Suzuki Death Watch 5: How Deep Would You Cut to Make a Profit?

Mark Stevenson
by Mark Stevenson
suzuki death watch 5 how deep would you cut to make a profit

The grim reaper may not be at American Suzuki’s door step after all. We’ve learned ASMC is healthier, at least financially, than we thought. But, in order to be profitable last year, ASMC had to completely cut almost every non-essential (and some essential) function of their business.

American Suzuki has been very conservatively run since introducing its motorcycle line to North America. With the automotive division only selling 26,618 units last year in the US (that’s less than both Porsche and Land Rover) and margins on those vehicles – all imported from outside North America, except for the Equator – being razor thin, it was clear as day serious cuts needed to be made if coming out of the year in the black was the main goal.

Public Relations? What Public Relations?

As we mentioned in an earlier Suzuki Death Watch article, Melissa Fujimoto is currently fielding media requests after the departure of PR veteren Jeff Holland. Before her media wrangling duties, Fujimoto spent around 10 years with promotions in an administrative role at ASMC. In 2011, all promotions activities were cancelled, leaving Fujimoto without a portfolio. So, instead of releasing the long-term, loyal employee, they made the logical choice and moved her on to other duties.

Those other duties, while including media relations, are mainly as secretary for ASMC President Seiichi Maruyama.

This may seem odd, but it makes sense when you realize ASMC’s current position. There are no plans to release any new product in the next 12-18 months, save facelifts for the Grand Vitara and SX4, so there are not a ton of media requests. Most current PR duties include reporting monthly sales and managing the press fleet, which can easily be managed by someone whose background is an administrative role in promotions.

ASMC still outsources other PR and marketing duties to Paine PR.

Auto Shows? What Auto Shows?

Before last year, ASMC participated in 66 auto shows. That number has been cut down to four. With no new product in the wings, going to extra auto shows is just an added marketing expense that isn’t needed. In some ways, it is a smart move to cut costs, yet it really takes the brand out of the public eye that may not live close to a Suzuki dealer.

The number of dealers is also dwindling. Current dealer development is arrested, with a number of franchise owners taking $50,000 buy outs to close their doors.

Everything Is Being Cut To The Bone

ASMC has lost top notch talent and has been selling very low volumes of cars with even lower margins. Yet, in 2011, ASMC made a profit and sent bonus checks to all its employees.

“People don’t understand how frugally (Suzuki) can run a car company,” said one source who spoke under condition of anonymity, “When employees of other automakers tell me how much they spend on things, it blows me away.”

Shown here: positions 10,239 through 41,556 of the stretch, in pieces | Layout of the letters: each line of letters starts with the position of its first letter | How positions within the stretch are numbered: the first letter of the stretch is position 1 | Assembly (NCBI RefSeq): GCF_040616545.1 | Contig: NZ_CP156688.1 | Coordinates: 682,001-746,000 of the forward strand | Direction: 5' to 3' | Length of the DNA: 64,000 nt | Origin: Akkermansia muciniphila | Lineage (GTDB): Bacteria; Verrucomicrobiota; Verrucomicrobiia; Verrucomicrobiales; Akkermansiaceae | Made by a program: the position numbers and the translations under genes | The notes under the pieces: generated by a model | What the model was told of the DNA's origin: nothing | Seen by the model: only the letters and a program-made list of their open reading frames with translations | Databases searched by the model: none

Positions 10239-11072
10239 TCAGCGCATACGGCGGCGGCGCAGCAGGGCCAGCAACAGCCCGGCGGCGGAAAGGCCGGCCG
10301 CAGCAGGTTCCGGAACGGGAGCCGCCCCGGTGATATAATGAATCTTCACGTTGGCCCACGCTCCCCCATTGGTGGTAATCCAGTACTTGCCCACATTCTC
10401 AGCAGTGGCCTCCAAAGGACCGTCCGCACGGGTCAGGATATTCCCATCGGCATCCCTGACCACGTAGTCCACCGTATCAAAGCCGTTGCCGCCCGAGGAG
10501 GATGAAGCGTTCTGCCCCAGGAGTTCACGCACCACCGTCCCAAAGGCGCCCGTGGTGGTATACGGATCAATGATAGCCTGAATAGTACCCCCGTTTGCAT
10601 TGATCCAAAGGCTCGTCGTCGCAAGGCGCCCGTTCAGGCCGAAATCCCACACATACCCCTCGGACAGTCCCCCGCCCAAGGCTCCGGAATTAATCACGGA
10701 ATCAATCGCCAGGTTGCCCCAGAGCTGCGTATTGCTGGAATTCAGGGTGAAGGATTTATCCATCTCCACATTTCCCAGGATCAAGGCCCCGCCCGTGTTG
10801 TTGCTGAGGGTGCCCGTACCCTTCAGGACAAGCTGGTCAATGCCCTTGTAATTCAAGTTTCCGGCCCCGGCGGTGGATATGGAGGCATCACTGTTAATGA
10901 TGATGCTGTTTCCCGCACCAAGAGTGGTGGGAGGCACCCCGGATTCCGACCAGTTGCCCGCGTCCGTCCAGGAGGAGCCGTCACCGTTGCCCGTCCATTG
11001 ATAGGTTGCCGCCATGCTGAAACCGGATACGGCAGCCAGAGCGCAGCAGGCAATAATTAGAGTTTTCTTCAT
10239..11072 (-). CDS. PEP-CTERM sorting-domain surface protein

Those profits come with a cost. Brand recognition is at an all time low. Product development is virtually non-existant. And, over time, more talent will leave for less stressful pastures. While the mood at Suzuki is currently said to be “normal”, its hard to ignore the deafening silence of a dearth of new product and a shrinking dealer network.

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6 of 20 comments
  • Conslaw Conslaw on Aug 08, 2012

    Perhaps Suzuki intends to survive like Checker Motor Co., which limped through the 1980s selling a few taxicabs and doing metal stamping for GM. Surprisingly, Checker did not file for bankruptcy until 2009.

    • See 3 previous
    • Ranwhenparked Ranwhenparked on Aug 08, 2012

      Checker also dabbled in a number of other businesses - International Controls, Great Dane trailers, Yellow Cab, American Country Insurance, and some others. I believe the Markin family may still own all or part of some of Checker's affiliated businesses. Diversification through acquisition is another option for American Suzuki to survive. It also worked for Studebaker, which survived until 1979, when it was absorbed by McGraw-Edison. Of course, the big thing that makes this different is that Checker and Studebaker were American automakers that collapsed in the American market. Suzuki is a Japanese automaker that is struggling on the American market, but that is still quite strong in most other places, including at home. They really can afford to fail here, to a certain extent, and let the rest of the world carry them.

  • Inside Looking Out Inside Looking Out on Aug 11, 2012

    Why not rebadge other Japanese models and sell them as Suzuki in US. E.g. let them rebadge Nissan Altima as Suzuki and in exchange let Nissan sell pianos and other musical instruments under their badge. As far as I know it is normal practice in Japan. IIRC Suziku were rebadged Daewoos until recently. Then they tried to sell some obscure model based on GM short wheelbase platform which was praised by journalists.

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